CAIRO, November 16, 2012 - On Sunday November 4th, 2 012 at Saint Mark's Cathedral in Abbassiya ,Cairo, Egypt’s Coptic Christian Church elected a new pope to succeed the late Pope Senouda III. Pope Tawadros II who will be ordained November 18th, 2012 was appointed lead the community through a critical time, as Copts worry over the intentions of the Islamic government and seek to forge a new relationship with their Church.
Pope Tawadros II, a 60 years old former pharmacist who became the auxiliary to the acting head of the Coptic Church and a monk from Alexandria, was chosen in a ceremony where a blindfolded child put his hand into a chalice and took out his name.
1) Malala Yousafzai, a 14-year old Pakistani pupil at a girls' high school in Mingora, the largest town in Pakistan's northwestern Swat
Valley, was the target of a failed assassination attempt as she rode the school bus home. According to local police officials, two Taliban gunmen stopped and boarded the bus where they asked for Malala by name. One of them shot her twice in the head and then both fled the scene. The Pakistani Taliban movement, Tehrik-e-Taliban, claimed responsibility for the shooting, which they said was to stop her and others like her from campaigning for girls' education.
LAST Friday a big crowd filled much of Cairo’s Tahrir Square to call for strict imposition of shari’a law. The mostly cheerful protesters, many of them bearded or fully veiled and bussed in from the provinces, want Egypt’s under-construction constitution to declare the country an Islamic state, based on divinely revealed rather than man-made laws. Such demands are not new, but the debate over relations between religion and state had been muted during Egypt’s six decades of gloved military dictatorship. It is now, testily, out in the open.
Puritanical Salafists denounce their detractors as secular "extremists", foreign agents or infidels. But plenty of Egyptians, among them pious Muslims, doubt the wisdom or practicality of using shari’a, a scanty and contested body of divine or long-sanctified rulings, to order the complexities of modern life. To them, the hard-core Islamists are simply a dangerous and uncouth rabble.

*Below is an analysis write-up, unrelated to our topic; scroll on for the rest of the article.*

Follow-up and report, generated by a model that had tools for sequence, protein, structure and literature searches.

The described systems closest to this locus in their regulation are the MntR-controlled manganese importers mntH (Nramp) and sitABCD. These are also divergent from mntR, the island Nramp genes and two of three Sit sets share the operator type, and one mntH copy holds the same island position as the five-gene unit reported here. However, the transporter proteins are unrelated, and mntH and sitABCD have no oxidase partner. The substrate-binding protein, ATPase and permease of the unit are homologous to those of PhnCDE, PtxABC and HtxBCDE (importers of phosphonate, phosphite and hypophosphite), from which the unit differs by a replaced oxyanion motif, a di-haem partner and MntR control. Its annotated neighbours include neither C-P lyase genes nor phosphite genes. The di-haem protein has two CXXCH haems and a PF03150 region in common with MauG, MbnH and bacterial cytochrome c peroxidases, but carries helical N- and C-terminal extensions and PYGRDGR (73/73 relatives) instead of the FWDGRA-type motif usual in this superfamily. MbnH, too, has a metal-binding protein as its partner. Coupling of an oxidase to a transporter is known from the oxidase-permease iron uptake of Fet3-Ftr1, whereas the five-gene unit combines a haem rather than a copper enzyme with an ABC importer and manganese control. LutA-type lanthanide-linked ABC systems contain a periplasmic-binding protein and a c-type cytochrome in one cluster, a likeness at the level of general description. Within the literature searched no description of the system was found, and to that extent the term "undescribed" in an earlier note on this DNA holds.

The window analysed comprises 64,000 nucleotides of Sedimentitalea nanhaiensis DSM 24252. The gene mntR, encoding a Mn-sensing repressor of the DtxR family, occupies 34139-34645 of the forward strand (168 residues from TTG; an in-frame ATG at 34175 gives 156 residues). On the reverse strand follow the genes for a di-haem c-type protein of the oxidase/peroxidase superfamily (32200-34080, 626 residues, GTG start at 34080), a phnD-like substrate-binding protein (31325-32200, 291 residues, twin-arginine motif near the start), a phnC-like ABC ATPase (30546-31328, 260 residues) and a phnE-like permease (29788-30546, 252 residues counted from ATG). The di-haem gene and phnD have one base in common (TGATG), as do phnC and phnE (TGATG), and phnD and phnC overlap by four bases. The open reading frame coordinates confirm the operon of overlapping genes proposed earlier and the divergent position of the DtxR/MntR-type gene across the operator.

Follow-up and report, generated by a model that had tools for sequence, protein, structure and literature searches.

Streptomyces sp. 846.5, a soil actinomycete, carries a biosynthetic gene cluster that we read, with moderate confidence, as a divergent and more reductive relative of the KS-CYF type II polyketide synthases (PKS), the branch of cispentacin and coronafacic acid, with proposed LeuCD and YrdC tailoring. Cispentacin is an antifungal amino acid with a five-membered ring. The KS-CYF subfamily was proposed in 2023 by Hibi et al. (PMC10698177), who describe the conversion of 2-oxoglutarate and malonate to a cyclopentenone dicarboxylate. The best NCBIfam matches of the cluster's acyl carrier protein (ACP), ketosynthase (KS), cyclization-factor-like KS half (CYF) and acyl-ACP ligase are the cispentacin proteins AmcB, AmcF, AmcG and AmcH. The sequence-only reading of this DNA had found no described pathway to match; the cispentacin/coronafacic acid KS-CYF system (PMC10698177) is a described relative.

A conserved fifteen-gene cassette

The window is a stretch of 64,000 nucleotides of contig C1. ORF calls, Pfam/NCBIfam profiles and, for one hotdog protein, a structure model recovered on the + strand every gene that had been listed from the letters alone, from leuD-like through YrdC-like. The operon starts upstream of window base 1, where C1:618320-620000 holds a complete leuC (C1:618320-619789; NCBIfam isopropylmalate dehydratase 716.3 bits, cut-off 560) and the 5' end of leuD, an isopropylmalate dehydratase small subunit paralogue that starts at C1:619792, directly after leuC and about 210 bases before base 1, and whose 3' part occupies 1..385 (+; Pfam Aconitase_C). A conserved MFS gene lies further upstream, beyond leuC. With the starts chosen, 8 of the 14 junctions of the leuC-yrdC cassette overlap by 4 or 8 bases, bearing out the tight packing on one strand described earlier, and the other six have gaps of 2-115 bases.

Barack Obama and radical Islam: The invisible elephant
CHARLOTTE, November 9, 2012 – With the re-election of Barack Obama, the world has suddenly become a more dangerous place. Most Americans do not even know it.
The candy store owner is handing out free goodies to unsuspecting and unconcerned masses while buildings just down the street are surrounded in flames.
Following the president’s Benghazi cover-up combined with the media’s refusal to report details of the terrorist attack in Libya, there can be little doubt about the enormity of American apathy for events in the Middle East. Apathy that will most assuredly increase Islamic radicalism.
The aftermath of collective punishment for Pakistan's Christians—the inevitable byproduct of the notorious Rimsha Masih blasphemy case, concerning a Christian girl falsely accused of desecrating a Quran—was more dramatic than the blasphemy case itself. Indeed, knowing what was in store for them, some Christians even held a symbolic funeral procession, carrying a Christian leader in a coffin and digging a grave for the "deceased."